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  5. Car insurance rates are at a 50-year high. Here's 3 ways you can keep your costs low, according to an expert

Car insurance rates are at a 50-year high. Here's 3 ways you can keep your costs low, according to an expert

Allie Kelly   

Car insurance rates are at a 50-year high. Here's 3 ways you can keep your costs low, according to an expert
  • American car insurance rates have reached a 50-year high, outpacing inflation.
  • Higher premiums and deductibles are driven by the climate crisis and increased accident risk.

American car insurance rates have hit a 50-year high, and drivers are paying the price.

Insurance has far outpaced the rate of inflation, with the US Bureau of Labor Statistics reporting that vehicle insurance costs were 20.3% higher in December 2023 than in December 2022. For drivers, this means higher premiums and deductibles.

Rising rates are caused by a few key factors, said Laura Longero, executive editor of insurance at the marketing firm QuinStreet. Insurance companies are seeing more claims related to crashes, thefts, and the climate crisis.

"All of these work together to create a situation where car insurance is a lot more expensive," she said.

Many insurers lowered rates at the beginning of the pandemic because fewer drivers were on the road, Longero said. As traffic has returned, she said crashes have become more frequent and severe. Crash fatalities hit a 16-year high in 2021, the US Department of Transportation found, and preliminary 2023 data suggests that crash rates have remained above 2020 reports.

There was also a 25% increase in vehicle thefts between 2019 to 2022. What's more, the supply chain costs to repair or replace vehicle parts from accidents or theft is expensive, Longero said.

Additionally, the state drivers live in — and the local impact of the climate crisis — has a significant effect on car insurance rates. Insurance companies are hesitant to insure drivers and homeowners in regions with frequent natural disasters, Longero said.

There were 131 climate events in the US between 2010 and 2020 that exceeded $1 billion in damages, a 51% increase from the previous decade. Longero said because of these growing climate risks, she expects rates to stay high.

To keep costs as low as possible, Longero recommends drivers travel safely and do their research.

Prioritize safety when behind the wheel

Not only is safe driving important to avoid collisions, it also saves drivers money. According to personal finance company NerdWallet, full coverage car insurance premiums nearly double if a driver is at fault for a crash.

Tickets for speeding, texting while driving, or driving under the influence are likely to raise a driver's insurance premiums.

Longero said she often uses an app that tracks her harsh braking, how many times she checks her phone, and other data to demonstrate safe driving behavior to her insurer.

The type of vehicle a person drives also determines their insurance prices. Longero said insurance rates are generally lower for bigger vehicles, cars with lots of safety features, and car brands that have high safety ratings. Family-friendly cars typically cost less to insure, she said.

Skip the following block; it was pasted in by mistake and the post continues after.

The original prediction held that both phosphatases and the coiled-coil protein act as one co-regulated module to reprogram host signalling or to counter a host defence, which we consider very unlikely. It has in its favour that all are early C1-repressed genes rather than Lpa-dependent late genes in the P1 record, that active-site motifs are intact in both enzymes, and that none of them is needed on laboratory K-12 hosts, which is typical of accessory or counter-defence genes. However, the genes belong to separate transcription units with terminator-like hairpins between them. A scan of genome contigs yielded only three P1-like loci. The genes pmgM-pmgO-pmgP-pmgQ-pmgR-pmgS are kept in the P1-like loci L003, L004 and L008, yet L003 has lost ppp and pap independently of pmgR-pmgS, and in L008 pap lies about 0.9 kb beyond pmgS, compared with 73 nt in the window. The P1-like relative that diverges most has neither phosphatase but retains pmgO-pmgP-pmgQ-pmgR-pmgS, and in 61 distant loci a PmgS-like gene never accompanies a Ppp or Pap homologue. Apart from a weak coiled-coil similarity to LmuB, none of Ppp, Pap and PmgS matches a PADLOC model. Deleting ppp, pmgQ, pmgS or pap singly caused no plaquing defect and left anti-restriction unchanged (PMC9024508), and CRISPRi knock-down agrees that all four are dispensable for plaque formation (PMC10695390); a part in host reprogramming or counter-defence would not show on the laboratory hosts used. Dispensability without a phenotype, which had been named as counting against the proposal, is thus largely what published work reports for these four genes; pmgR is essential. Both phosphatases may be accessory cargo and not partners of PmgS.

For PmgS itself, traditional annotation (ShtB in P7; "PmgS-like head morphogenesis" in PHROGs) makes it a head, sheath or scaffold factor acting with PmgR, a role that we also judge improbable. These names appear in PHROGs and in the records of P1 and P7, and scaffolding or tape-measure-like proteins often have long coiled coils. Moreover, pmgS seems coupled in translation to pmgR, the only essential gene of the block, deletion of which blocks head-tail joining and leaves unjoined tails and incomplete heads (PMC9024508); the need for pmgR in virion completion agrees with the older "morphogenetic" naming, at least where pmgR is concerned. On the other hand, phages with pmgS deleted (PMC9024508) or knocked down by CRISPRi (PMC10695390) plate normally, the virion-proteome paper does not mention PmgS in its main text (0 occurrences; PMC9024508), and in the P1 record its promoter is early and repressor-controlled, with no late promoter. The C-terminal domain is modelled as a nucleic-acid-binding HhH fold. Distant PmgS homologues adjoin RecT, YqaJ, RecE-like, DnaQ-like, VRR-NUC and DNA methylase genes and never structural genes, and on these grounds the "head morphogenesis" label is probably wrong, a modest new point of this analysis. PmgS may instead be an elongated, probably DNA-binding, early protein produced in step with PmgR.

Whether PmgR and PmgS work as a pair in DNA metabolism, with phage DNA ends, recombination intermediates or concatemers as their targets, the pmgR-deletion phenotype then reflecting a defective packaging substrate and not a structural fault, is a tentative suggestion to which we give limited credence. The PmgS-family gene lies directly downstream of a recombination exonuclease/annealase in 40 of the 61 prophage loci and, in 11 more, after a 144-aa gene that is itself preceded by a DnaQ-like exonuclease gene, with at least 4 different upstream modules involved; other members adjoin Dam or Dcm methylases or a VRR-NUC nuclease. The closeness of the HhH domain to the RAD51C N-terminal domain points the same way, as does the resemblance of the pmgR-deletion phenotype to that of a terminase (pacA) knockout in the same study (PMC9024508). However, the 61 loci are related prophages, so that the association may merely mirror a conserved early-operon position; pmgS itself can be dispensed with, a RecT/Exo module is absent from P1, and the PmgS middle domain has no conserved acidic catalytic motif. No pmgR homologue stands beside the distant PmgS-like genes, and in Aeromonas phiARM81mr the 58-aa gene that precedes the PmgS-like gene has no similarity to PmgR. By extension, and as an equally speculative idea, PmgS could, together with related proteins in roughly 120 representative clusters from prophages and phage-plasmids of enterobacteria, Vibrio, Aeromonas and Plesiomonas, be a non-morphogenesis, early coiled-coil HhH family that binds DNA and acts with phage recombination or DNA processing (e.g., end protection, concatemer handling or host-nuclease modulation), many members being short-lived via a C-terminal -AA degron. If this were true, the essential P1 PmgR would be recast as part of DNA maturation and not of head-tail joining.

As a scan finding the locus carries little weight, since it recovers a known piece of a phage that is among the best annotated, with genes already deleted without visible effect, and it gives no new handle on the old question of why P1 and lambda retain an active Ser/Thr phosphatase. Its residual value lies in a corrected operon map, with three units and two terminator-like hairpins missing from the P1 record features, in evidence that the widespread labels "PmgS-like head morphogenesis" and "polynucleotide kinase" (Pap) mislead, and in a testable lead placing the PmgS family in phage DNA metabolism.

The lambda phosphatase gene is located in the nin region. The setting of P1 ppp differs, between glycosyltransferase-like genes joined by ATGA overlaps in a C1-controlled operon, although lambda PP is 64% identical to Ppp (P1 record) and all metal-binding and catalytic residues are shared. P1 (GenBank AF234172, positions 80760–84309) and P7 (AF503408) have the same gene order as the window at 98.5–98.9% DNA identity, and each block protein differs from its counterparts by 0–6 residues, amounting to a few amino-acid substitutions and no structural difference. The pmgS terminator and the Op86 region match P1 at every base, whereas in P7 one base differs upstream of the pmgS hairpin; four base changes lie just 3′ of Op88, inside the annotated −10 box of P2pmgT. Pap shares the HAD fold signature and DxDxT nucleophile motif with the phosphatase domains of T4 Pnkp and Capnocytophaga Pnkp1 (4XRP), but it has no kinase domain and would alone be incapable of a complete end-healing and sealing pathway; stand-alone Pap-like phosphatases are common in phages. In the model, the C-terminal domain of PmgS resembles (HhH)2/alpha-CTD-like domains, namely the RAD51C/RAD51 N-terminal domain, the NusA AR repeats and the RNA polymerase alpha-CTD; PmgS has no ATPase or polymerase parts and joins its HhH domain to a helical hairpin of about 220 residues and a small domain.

"Sedans are smaller and they typically cost more to insure," Longero said. "They are more likely to sustain greater damage in an accident with a big truck or SUV."

Research which car insurance plan is right for you

Longero suggests that drivers get three-to-five updated insurance quotes every year.

Car insurance rates are higher for families with teenagers, with rates going up 70% to 150% once someone under 18 is added to a family car insurance policy.

Still, Longero said some insurance companies have lower price options for married couples or vehicles with a high safety rating. Car insurance might also be cheaper if drivers bundle their auto policy with their homeowner, renter, or life insurance.

Drivers can sometimes get a cheaper car insurance rate by switching insurers, Longero said. And some policy specifics vary by state.

"We always encourage people to check with their insurer to make sure they're getting all the discounts they qualify for," she said.

She also urged drivers to check that their car insurance policy includes strong liability insurance, in case they were ever at fault for a "worst case scenario" major accident.

Take advantage of insurer discounts

To make the most of their policy, Longero said drivers should apply for insurer discounts. Keeping a clean accident or ticket record, staying loyal to a specific insurance company, and installing extra safety features in a car can help drivers save money.

Parents can lower costs for teenage drivers by applying for "good student" discounts, she said, and some people can get professional discounts based on their job or commute frequency.

"If you work from home now and used to commute, maybe talk to your insurance company," Longero said. "Typically if you're driving less than 10,000 miles a year, you can save a little bit on your policy that way."

Longero said drivers should also regularly take inventory of their insurance policy and drop coverage that they no longer need.

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